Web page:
The human remains presents as a type of epistemology. It provokes questions regarding our perception of self and with the super forces of existence and infinity.
Caspar David Friedrich meets the New Age in Alesh Macak’s metaphysical meditation on the sublime and our relationship to it. With a sound-track evocative of those hippy–trippy binaural beats and the kaleidoscopic mirroring of imagery (landscapes of vast rocks, flowing water, gushing waves, expansive skies, the natural and man-made world) becoming a regenerating mandala, no longer are we looking from the top of the precipice, now we are immersed; looking within it, through it, and beyond it. For me this is the most mesmerising and evocative element of the installation.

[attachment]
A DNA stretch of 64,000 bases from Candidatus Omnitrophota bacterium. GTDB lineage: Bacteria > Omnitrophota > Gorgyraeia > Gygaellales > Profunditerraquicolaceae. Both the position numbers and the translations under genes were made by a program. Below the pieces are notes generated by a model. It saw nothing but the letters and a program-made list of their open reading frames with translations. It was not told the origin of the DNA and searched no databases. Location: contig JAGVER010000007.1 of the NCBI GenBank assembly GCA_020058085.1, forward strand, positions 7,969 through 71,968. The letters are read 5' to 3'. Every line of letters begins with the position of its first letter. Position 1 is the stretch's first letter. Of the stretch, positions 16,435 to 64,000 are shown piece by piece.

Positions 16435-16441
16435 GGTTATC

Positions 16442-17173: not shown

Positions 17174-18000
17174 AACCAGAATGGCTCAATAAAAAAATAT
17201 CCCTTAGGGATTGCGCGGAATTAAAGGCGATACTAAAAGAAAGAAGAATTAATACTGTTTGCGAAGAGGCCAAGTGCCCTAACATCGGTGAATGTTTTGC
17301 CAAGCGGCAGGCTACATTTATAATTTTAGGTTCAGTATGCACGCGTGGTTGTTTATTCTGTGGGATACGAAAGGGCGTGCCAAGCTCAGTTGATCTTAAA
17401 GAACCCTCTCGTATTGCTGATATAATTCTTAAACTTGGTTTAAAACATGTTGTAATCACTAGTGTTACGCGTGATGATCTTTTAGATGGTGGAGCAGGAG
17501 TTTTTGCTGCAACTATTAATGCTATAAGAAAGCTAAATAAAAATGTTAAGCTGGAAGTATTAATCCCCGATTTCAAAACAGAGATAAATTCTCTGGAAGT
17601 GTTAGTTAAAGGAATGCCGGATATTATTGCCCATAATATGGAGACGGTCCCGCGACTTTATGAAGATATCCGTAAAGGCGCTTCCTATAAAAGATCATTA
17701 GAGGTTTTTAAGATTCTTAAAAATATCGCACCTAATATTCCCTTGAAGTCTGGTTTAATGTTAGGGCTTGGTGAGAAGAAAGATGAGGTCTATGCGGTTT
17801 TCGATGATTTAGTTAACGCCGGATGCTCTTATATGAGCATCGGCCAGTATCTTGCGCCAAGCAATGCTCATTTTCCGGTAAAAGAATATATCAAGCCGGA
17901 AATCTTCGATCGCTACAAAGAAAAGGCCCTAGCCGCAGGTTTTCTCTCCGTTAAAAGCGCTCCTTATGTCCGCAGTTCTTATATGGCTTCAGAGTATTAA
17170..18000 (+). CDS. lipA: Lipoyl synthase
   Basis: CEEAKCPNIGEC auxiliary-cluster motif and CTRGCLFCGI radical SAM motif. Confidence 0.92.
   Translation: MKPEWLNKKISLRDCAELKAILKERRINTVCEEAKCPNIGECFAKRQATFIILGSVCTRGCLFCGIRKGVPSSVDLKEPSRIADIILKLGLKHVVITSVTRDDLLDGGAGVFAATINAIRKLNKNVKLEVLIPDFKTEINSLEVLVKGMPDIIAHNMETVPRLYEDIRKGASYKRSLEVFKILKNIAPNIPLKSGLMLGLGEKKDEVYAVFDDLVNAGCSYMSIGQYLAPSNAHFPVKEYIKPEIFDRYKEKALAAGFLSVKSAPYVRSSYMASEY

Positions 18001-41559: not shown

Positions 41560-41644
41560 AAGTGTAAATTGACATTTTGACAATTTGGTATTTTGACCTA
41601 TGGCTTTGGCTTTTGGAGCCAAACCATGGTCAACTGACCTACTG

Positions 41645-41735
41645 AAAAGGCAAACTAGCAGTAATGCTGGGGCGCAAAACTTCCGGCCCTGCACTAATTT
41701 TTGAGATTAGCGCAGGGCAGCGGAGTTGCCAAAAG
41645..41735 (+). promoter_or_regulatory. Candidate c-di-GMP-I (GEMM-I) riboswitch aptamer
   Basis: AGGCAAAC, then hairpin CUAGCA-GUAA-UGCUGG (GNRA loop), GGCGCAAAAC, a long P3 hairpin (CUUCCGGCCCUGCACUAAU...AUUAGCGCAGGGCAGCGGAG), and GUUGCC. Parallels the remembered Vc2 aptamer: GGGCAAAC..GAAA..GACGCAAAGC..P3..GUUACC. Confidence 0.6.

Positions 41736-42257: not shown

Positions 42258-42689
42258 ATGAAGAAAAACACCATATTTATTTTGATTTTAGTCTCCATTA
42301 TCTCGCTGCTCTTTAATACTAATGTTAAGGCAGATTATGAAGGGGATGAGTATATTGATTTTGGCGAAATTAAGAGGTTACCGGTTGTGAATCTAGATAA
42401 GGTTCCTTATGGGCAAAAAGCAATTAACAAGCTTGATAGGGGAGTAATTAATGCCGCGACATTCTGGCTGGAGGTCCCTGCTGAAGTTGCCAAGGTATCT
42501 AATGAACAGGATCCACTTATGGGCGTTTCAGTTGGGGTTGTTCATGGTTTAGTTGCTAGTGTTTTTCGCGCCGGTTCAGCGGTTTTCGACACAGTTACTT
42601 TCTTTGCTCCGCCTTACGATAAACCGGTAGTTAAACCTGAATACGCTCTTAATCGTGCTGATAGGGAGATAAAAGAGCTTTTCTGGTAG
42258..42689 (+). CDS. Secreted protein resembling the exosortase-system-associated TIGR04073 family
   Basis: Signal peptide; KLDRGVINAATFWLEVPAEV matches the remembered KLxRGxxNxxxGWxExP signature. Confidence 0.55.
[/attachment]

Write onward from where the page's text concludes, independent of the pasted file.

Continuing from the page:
The sandpit (in the room, under the seat) is a benign paradox in relation to the transcendental imagery on the screens. It plants our feet firmly beneath the bench, a reminder of our biological embodiment yet it takes us on a journey of associative memories and sensory stimulation. Nostalgic of childhood, its confines are restricted yet it provokes play and the creation of imaginary (unseen) realms.
Meanwhile, in deep space entire galaxies explode and mutate throughout a multi-dimensional expanse of time that is impossible to comprehend.
Alesh Macak, The human remains, Westspace, Melbourne, 24 February – 17 March 2012.